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Billy Bluelight

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About Billy Bluelight

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  1. Best suggestion I can make is that you fix this problem IN DAYLIGHT. Any problem you will ever have with a telescope is almost bound to be 10 times harder to fix in the dark - certainly until you are used to where everything is. There is excellent advice above but in simple terms, would suggest you do this: Assemble the whole rig in daylight and point towards a distant large object like a church steeple, power pylon or chimney pot - the further away the better Make sure you have an eyepiece in the scope and wind the focusser fully in either direction as far as it will go (you then only have t
  2. Good advice from all the above, but have you thought about joining a local astronomy club for a year? I pay £18 (£22 for a couple) for a year and we meet once a week, or whenever you can spare the time. There are bound to be a number of 'scopes for the use of members (and at least one "biggy" in their observatory) and plenty of advice for a beginner on how to set them up. Might be a useful option to consider as you can go weekly for as long as you need and it's not so far as darkest Norfolk?
  3. Welcome Allan - what a lovely place to live.
  4. Billy Bluelight

    Hi there!

    Welcome John - I was in the same position last year and settled on a Celestron Advanced VX Edge HD. Very nice to observe through, portable and future proof as it has three different focal length settings for AP. Some good offers on it right now http://www.rothervalleyoptics.co.uk/celestron-advanced-vx-8-edgehd-telescope.html If you think of going that route I recently compiled set of set-up instructions for someone else here - they will at least show what is involved http://stargazerslounge.com/topic/238004-simple-beginners-setup-align-procedure-for-celestron-advanced-vx-8-edge-hd/
  5. I can't actually edit the post so have attached a fresh copy, left aligned here Oh Master Setup & Align Procedure for Celestron Advanced VX 8 Edge HD.pdf
  6. I'm a relative beginner and have no special technical knowledge or experience. However, I have taught myself how to set up and align a Celestron Advanced VX 8" Edge HD so I can assemble and align within 15 minutes accurately, every time. I thought a set of simple to follow instructions might be useful for someone, so a pdf attached. Hope it helps but PM me if anything else you think I might be able to share Setup & Align Procedure for Celestron Advanced VX 8 Edge HD.pdf
  7. Billy Bluelight

    Hello..

    Davy - I've sent you a PM
  8. Billy Bluelight

    Hello..

    Welcome Davey I have the same set-up, which I bought just last July. I'm sure you will be very pleased with it, as am I. I share exactly the same interests as you as I'm also a keen photographer and make part of my living from it. I carefully chose the Edge 8" as the ideal "future-proof" 'scope as it offers three different configurations of focal length, should I want to go that route, whilst producing a really nice piece of kit for observing. It can be a bit of a learning curve if new to all this. Although I'd had ricketty old 'scopes for many years I knew little or nothing. I saw more in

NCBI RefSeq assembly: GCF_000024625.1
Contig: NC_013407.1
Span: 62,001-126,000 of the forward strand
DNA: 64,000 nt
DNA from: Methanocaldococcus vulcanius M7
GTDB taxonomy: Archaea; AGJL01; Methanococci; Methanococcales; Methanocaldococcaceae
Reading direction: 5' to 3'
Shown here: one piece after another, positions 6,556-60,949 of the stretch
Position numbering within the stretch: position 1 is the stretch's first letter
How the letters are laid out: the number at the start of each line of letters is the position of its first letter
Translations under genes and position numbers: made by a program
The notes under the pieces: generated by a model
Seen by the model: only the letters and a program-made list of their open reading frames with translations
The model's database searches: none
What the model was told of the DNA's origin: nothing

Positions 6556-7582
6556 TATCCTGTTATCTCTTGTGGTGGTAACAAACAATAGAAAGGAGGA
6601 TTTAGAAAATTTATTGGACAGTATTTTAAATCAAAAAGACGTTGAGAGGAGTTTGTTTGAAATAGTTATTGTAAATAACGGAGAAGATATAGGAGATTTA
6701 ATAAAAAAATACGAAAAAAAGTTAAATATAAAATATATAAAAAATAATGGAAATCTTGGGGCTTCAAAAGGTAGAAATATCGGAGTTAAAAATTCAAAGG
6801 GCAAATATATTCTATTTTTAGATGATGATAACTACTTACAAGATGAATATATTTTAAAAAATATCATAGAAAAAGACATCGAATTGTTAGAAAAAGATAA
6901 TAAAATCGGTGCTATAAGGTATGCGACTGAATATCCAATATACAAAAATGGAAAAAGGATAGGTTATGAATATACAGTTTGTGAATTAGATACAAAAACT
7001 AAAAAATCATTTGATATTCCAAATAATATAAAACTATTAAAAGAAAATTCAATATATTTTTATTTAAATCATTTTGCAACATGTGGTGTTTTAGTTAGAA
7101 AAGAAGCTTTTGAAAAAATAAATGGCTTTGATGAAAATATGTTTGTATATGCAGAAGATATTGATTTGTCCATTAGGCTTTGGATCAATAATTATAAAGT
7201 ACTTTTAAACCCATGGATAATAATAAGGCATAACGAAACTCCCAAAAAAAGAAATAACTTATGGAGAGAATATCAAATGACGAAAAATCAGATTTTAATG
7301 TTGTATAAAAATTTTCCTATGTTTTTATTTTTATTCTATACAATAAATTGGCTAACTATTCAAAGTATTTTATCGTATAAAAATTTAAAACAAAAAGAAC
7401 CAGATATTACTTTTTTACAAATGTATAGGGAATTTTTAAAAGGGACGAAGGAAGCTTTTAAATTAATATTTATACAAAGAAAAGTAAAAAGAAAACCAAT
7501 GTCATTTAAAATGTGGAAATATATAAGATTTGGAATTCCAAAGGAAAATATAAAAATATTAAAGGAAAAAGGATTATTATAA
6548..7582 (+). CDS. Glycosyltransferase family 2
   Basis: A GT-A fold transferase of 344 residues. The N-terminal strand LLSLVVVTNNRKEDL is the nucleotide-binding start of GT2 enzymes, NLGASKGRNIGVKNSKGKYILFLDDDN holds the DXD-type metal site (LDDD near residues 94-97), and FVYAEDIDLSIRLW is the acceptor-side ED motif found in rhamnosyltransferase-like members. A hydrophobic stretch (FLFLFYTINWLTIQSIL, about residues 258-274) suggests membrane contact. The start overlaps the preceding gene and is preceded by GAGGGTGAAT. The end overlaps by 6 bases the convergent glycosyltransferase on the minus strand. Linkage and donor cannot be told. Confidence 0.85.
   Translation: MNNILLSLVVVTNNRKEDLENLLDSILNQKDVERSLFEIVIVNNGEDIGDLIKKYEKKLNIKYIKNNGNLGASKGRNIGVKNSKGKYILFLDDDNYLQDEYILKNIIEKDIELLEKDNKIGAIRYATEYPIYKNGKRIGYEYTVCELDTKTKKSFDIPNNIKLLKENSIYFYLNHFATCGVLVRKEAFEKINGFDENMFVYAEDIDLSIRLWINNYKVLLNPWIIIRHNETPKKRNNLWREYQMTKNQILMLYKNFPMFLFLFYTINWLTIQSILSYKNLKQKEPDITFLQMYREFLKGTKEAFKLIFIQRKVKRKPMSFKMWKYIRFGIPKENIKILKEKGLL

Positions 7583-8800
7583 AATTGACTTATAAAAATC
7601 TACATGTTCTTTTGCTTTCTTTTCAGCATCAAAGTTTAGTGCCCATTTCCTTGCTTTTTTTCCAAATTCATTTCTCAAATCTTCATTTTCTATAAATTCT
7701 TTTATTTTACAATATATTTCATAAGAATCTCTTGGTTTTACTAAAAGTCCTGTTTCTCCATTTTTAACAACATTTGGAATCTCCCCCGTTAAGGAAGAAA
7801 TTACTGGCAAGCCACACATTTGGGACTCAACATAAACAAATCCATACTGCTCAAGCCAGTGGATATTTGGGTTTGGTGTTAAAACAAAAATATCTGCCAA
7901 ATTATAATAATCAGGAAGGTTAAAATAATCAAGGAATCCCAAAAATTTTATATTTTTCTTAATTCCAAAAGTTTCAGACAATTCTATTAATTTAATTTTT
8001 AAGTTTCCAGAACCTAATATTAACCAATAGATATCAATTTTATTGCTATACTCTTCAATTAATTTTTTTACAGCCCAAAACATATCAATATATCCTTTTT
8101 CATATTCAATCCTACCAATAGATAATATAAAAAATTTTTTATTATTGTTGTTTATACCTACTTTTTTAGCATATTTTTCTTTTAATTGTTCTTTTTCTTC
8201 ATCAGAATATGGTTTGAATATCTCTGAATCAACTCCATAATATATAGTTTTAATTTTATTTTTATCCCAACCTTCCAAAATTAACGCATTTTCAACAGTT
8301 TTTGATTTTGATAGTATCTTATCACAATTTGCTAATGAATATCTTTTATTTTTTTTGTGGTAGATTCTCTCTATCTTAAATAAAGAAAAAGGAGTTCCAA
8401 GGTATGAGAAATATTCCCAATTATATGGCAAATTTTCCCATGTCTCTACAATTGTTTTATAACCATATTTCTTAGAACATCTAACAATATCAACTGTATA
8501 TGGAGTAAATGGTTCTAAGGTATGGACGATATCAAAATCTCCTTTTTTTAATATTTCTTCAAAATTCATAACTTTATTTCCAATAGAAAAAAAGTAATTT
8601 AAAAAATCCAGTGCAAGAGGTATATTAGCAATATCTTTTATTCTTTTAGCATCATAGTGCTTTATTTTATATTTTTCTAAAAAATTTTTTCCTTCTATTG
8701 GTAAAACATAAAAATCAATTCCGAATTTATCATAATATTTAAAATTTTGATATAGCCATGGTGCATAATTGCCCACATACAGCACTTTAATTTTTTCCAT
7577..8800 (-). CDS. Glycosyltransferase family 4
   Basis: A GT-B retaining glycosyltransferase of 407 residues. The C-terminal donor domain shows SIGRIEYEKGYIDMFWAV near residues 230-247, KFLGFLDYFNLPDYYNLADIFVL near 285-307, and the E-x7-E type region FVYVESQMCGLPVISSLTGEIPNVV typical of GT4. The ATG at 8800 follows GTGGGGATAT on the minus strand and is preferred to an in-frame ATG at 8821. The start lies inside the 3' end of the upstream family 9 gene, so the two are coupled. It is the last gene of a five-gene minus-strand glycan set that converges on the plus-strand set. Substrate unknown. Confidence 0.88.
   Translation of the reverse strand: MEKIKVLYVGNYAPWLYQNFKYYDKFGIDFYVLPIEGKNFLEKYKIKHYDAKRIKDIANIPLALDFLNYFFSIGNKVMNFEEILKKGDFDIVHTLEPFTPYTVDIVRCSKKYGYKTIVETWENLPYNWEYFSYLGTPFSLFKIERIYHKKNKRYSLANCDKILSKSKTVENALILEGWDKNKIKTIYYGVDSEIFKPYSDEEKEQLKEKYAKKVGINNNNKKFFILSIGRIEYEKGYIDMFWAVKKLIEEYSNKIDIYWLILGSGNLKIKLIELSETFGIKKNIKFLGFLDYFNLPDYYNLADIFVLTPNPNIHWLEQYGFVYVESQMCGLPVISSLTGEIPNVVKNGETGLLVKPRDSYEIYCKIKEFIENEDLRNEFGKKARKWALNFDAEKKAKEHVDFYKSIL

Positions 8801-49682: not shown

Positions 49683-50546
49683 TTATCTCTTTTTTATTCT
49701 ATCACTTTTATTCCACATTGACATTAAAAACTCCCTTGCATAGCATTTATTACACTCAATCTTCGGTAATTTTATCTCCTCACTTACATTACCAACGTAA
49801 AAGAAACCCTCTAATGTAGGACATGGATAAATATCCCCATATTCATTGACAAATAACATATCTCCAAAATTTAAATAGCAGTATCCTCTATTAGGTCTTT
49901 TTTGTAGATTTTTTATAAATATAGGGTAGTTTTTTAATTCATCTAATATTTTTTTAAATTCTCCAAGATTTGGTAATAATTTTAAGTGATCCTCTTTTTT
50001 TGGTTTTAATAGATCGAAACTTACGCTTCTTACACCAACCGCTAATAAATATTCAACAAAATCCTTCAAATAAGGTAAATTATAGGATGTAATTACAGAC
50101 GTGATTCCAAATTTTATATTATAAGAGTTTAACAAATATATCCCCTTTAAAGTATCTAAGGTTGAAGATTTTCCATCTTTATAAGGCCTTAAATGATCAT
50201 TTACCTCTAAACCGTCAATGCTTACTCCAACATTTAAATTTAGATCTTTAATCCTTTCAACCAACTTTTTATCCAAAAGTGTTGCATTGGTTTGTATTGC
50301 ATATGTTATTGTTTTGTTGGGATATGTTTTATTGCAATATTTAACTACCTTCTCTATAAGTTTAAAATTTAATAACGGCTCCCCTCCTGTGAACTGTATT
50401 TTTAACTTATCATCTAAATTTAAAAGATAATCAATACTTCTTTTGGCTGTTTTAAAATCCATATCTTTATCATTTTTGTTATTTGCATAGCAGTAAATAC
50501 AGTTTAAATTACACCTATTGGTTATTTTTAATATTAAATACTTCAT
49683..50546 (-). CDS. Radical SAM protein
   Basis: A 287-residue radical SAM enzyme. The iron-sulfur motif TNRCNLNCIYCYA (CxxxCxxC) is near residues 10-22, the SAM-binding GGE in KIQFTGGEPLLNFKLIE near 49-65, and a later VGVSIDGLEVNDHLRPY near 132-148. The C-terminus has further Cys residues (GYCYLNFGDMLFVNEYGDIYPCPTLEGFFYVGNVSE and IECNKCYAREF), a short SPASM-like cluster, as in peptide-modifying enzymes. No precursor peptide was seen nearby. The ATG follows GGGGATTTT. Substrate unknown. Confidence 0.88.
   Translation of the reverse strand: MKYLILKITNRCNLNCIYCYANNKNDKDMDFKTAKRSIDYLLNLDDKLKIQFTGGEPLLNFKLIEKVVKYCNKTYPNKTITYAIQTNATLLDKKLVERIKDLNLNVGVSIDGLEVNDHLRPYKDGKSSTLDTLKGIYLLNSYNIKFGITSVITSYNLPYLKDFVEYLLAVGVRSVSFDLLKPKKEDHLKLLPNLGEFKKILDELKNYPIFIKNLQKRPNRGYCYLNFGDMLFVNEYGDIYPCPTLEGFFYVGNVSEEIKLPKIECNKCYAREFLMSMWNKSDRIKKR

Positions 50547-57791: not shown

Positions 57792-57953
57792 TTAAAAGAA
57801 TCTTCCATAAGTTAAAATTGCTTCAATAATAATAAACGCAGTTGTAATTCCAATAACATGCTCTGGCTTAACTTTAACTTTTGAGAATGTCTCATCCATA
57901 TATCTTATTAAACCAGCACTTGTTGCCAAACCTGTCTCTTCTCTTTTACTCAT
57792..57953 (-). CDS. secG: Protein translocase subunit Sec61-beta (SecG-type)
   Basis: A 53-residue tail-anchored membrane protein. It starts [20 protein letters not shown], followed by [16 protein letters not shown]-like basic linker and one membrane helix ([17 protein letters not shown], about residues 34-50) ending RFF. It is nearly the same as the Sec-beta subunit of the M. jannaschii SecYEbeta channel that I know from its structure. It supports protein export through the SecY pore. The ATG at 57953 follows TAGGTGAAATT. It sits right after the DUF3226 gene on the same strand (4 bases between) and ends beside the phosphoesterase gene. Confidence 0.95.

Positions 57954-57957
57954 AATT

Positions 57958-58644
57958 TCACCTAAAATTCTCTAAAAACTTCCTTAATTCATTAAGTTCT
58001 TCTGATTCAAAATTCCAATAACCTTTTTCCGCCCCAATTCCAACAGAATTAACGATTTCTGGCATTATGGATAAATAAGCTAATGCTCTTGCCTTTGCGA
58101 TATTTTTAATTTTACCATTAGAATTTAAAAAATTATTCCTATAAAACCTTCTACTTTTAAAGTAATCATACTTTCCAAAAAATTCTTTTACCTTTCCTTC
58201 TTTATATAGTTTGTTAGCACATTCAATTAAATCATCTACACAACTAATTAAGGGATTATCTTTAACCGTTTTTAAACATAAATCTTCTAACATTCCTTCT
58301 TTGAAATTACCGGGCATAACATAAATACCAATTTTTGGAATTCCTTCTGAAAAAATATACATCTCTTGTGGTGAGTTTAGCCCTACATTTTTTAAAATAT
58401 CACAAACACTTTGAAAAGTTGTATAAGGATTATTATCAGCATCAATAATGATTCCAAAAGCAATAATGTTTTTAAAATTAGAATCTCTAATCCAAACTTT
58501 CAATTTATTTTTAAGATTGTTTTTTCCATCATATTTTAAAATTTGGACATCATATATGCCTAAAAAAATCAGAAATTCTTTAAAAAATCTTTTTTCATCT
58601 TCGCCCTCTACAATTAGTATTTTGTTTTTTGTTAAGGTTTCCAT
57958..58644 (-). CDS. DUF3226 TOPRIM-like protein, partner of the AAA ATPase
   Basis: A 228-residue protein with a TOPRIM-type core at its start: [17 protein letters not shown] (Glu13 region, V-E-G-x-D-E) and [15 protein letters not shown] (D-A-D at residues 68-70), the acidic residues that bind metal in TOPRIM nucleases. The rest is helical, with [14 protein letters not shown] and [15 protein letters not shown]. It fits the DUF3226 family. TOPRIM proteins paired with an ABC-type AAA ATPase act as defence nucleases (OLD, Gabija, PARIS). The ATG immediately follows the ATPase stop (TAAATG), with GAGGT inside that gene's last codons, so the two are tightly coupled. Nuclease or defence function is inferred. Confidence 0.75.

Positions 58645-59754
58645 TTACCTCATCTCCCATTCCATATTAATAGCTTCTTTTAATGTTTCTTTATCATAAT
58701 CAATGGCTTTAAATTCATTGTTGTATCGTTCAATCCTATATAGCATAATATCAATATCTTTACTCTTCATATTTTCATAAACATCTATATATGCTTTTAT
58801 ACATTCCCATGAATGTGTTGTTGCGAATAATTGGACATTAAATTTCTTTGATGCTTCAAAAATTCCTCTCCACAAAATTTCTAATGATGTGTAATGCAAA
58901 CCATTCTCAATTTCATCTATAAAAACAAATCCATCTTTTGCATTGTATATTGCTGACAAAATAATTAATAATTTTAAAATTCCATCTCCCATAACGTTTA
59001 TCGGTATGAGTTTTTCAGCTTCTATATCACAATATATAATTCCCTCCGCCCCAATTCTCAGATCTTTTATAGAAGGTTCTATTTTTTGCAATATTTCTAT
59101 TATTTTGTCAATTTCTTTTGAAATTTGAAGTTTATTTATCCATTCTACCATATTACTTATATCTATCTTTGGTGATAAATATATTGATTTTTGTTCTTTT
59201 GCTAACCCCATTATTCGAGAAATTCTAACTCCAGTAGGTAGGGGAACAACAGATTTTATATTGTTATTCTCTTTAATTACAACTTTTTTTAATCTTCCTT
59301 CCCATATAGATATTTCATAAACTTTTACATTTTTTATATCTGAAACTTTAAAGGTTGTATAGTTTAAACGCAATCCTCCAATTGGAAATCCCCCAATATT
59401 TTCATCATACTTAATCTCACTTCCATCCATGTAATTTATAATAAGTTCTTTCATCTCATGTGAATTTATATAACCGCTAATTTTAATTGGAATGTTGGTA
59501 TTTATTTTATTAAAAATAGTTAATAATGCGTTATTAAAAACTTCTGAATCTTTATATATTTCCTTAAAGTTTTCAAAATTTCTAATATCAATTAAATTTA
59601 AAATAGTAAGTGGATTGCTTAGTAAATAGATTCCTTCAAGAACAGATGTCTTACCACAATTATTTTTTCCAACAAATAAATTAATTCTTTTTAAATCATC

9. I saw that myself at 22:15 on 3rd December just before I was anally probed. Going purely on your report of such a bright light, could it have been the International Space Station seen perhaps for just seconds? The intensity certainly seems to fit but it's normally visible for many seconds or a minute or two.
  10. I would definitely recommend a decent leisure battery over any power pack - much cheaper, will last months on a single charge and all round a better buy.
  11. It's easily done - especially for me and if there's a right and wrong way - I'll do it the wrong way by default. For many years, ever since being in an occupation where it was essential not to make mistakes as people could be killed, I've worked to a strict check-list system for anything demanding multi-point accuracy. It's amazing how useful this is - an example being last week when I didn't use my telescope list and set up (and was observing with for many minutes) my 'scope with no weight attached. I only noticed in the dark when the whole thing nearly fell over. Was very lucky expensiv
  12. I have the Celestron Advanced VX 8 Edge HD but you could buy just the scope. It has features that make it very good for astro-imaging and by using them you can reduce the F number significantly down to reduce exposure times. Very nice optics an a lovely scope to use anyway but I bought it to be fairly future proof
  13. Welcome Michelle - best advice I can offer is: 1) use your scope as much as possible and don't worry about inevitable failures, things you don't understand, disappointments and frustrations - all part of the steep learning curve, all will become clear in time and there is no hurry. 2) By a copy of "Turn Left At Orion" - possibly the best book for beginners and more advanced astronomers there is. It will help you navigate around the sky in a very simple and easy to understand way. 3) Join a local astronomy club - as a beginner myself I can say this is the best thing I ever did. I live in Norf
  14. Hi Mike and welcome. I just gave my grandchildren a very old, small Mead 70 mm and a child's book on astronomy - not a particularly good book (can't recall even the title but it was all I had on the shelf and too basic even for kids) but in doing a simple search on Amazon UK for "Childrens' astronomy books" I came up with a massive list https://www.google.co.uk/webhp?sourceid=chrome-instant&rlz=1C1TEUA_enGB496GB496&ion=1&espv=2&ie=UTF-8#q=childrens%20astronomy%20books Some look to be pretty good
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